December 16, 2020
consider the scallion is a risograph anthology I co-edited with Diane Zhou that features a constellation of reflections on the elusive, intricate nature of the scallion. We have always been fascinated by scallions as cultural artifacts with long roots (haha) stretching across cuisines and experiences. Since many of us have been staying at home and cooking more often as a result of the COVID-19 pandemic, scallions have become a precious culinary resource. Growing in our windowsill gardens, they have emerged as a symbol of self-renewal, grounding us with the reassurance that time is indeed passing and that we can still find ways to flourish together.
Each edition of one hundred includes a special bleached paper made from scallions by artist Tim Simonds. Other contributors include Luke Luokun Cheng, Matthew Shen Goodman, Anton Haugen, Christina Yuna Ko, Mo Kong, Vivienne La, Fei Liu, Kevin Lozano, Larissa Pham, Stephanie H. Shih, Tiffany Jaeyeon Shin, Son Kit, Sprechgesang Institute, Jia Sung, Taehee Whang, Rose Wong, Jasmine Yeh, Diane Zhou, and me!
This project was made possible with the generous support of the Brooklyn Arts Council and Asia Art Archive in America.
You can purchase a copy of consider the scallion here.
November 2–16, 2018
EST (Diane Zhou, Son Kit, and myself) curated Five Contortions, a selection of single channel video works by Dana Davenport, Valery Jung Estabrook, Shu Lea Cheang, Chang Jin Lee, and Jen Liu. Taken together, the works in Five Contortions engage the East Asian femme body as a site upon which visibility, labor, agency, and exploitation shift in dangerous flux. The relentless effort of combating sexual exotification and western expectations of “Asian-ness” troubles the notion of representation as liberatory, even as one struggles against American racism’s negation of Asian individuality, the facelessness of the exploited laborer in global industrial capitalism, and the emptiness of superficially embracing ethnic diversity. The physicality of the body is palpable in all these works, through emphasis, modification, damage, distortion, or even omission, and these unflinching treatments force viewers to confront notions of personhood in the face of dehumanization.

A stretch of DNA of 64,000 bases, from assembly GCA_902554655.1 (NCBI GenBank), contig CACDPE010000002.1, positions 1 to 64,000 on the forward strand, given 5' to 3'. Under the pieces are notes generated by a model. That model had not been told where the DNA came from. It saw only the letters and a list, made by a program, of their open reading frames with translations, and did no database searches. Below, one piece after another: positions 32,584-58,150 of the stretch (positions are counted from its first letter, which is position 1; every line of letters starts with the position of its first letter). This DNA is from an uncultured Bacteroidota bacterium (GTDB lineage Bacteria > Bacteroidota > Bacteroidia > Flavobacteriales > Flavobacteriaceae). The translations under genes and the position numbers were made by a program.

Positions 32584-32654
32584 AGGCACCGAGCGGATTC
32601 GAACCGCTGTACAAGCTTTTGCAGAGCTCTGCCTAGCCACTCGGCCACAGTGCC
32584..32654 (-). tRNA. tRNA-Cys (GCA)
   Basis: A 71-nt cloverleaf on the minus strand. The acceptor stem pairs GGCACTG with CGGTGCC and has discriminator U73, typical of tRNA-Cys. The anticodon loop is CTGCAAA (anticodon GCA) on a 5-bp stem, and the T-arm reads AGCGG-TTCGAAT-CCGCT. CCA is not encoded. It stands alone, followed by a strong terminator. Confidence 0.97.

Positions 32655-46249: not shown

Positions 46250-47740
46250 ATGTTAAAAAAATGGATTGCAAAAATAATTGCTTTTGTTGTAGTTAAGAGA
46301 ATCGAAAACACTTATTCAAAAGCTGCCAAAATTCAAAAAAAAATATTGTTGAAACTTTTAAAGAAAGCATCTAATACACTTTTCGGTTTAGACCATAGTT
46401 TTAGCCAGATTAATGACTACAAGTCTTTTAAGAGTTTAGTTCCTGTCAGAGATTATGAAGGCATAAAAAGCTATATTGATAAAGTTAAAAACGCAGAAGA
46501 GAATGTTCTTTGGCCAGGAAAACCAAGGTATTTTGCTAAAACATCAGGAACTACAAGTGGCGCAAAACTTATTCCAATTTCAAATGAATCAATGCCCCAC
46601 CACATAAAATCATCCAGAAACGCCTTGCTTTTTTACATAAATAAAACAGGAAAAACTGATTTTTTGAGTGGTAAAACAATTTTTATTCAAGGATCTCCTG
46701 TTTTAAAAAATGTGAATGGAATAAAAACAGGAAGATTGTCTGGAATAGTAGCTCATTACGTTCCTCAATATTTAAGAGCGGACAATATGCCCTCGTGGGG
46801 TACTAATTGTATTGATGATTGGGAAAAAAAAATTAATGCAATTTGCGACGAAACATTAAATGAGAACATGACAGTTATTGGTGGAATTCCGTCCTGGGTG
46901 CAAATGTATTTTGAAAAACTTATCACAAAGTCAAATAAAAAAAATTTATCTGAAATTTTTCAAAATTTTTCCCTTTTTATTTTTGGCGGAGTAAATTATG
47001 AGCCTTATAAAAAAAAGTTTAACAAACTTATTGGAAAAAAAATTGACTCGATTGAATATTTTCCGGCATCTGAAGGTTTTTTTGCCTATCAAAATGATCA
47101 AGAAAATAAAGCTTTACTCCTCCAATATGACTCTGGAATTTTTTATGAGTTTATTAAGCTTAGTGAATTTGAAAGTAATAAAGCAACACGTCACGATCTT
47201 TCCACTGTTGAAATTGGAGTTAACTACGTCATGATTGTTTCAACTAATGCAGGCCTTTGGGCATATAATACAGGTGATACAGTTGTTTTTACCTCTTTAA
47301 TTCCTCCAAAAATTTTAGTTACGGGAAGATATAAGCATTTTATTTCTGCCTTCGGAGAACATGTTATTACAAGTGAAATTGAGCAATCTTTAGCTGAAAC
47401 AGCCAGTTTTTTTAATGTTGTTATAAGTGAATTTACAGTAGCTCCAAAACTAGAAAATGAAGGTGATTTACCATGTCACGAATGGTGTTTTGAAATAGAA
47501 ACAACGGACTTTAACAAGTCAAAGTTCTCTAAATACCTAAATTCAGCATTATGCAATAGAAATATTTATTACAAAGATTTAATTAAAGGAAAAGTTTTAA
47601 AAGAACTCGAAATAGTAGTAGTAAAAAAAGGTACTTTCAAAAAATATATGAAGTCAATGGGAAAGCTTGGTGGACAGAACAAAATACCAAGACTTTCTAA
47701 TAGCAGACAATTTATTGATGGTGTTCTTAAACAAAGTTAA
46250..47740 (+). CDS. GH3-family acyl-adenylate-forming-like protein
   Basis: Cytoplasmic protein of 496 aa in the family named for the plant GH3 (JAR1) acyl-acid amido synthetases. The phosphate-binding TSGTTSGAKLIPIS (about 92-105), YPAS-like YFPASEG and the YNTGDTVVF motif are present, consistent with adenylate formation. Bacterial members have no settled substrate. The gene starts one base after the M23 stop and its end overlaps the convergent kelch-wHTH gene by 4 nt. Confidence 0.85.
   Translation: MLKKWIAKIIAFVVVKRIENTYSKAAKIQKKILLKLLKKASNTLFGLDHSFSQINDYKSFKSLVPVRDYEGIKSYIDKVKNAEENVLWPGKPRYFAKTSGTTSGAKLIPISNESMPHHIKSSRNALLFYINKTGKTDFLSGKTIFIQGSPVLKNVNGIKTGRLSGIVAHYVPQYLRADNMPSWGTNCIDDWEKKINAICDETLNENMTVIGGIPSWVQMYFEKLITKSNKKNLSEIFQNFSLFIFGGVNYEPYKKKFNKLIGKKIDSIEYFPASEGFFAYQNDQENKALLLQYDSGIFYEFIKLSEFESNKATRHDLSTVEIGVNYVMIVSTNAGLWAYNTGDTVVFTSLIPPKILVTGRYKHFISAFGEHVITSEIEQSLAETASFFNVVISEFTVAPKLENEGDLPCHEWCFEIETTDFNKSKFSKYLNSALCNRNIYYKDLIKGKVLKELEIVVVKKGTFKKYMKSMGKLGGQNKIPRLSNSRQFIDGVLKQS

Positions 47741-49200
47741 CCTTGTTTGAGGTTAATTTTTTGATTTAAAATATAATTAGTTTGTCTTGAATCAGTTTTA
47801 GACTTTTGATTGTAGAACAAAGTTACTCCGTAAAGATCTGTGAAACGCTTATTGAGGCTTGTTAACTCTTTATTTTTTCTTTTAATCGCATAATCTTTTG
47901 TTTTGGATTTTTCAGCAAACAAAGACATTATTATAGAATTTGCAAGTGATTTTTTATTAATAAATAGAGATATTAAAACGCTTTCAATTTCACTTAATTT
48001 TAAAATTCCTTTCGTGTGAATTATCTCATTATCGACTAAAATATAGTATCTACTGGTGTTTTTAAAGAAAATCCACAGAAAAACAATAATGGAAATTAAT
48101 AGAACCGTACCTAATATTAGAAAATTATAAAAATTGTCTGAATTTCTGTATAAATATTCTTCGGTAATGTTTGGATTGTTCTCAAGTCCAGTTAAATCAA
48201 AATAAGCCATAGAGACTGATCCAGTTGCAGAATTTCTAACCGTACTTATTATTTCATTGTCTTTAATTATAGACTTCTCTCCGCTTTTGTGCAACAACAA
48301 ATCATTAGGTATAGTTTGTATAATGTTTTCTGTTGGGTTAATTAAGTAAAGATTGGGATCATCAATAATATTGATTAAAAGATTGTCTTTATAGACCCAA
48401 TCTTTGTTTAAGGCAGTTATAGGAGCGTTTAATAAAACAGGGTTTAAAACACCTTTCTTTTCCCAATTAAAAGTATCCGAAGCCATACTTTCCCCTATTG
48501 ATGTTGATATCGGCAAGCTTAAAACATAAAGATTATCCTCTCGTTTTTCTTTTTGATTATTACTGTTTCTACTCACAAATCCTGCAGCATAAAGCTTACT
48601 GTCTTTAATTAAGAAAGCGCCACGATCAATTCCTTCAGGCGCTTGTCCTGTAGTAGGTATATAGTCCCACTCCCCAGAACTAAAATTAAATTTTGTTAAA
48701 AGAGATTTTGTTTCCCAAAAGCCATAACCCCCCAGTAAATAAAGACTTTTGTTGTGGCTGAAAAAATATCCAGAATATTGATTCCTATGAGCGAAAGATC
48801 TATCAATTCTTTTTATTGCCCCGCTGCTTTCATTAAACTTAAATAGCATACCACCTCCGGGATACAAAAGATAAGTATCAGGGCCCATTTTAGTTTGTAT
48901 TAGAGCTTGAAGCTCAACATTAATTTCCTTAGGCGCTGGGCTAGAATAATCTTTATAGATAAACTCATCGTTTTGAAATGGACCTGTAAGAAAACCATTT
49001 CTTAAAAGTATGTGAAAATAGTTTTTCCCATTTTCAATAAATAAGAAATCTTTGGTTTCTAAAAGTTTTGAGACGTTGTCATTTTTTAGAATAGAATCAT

The exhibition is on view November 2 - 16 at the Granoff Center for the Creative Arts at Brown University in Providence, Rhode Island.
EST (Eastern Standard Time) is a research collective co-founded by Celine Wong Katzman, Son Kit, and Diane Zhou. EST questions the Western imaginary of Asia as a monolithic entity. While overly-expansive, orientalist definitions make it impossible to ascribe cultural, political, or geographical unity to Asia, EST is interested in its potential as a call to organize across a spectrum of experience. EST is based in New York, NY and Providence, RI.
June 7, 2018
Outside the Palace of Heavenly Purity, a group exhibition I co-curated with Diane Zhou and Son Kit, presents narratives that complicate the prevailing idea of globalization as a force emanating directly from privileged Western centers. Artworks by Ho Rui An, Jen Liu, Ingrid Zhuang, Zheng Bo, and O Zhang engaged a variety of speculative models to explore emergent networks of Chinese power within the global landscape as well as local permutations.
The exhibition title refers to the former location of a controversial Starbucks franchise within the Forbidden City. First opened in 2000, the cafe closed in 2007 in the wake of an online campaign spearheaded by TV anchor Rui Chenggang, who argued that its presence was a neo-colonial intrusion of Western “coffee culture” into Chinese cultural heritage.
The exhibition was on view June 7 - August 5 at bitforms gallery in New York.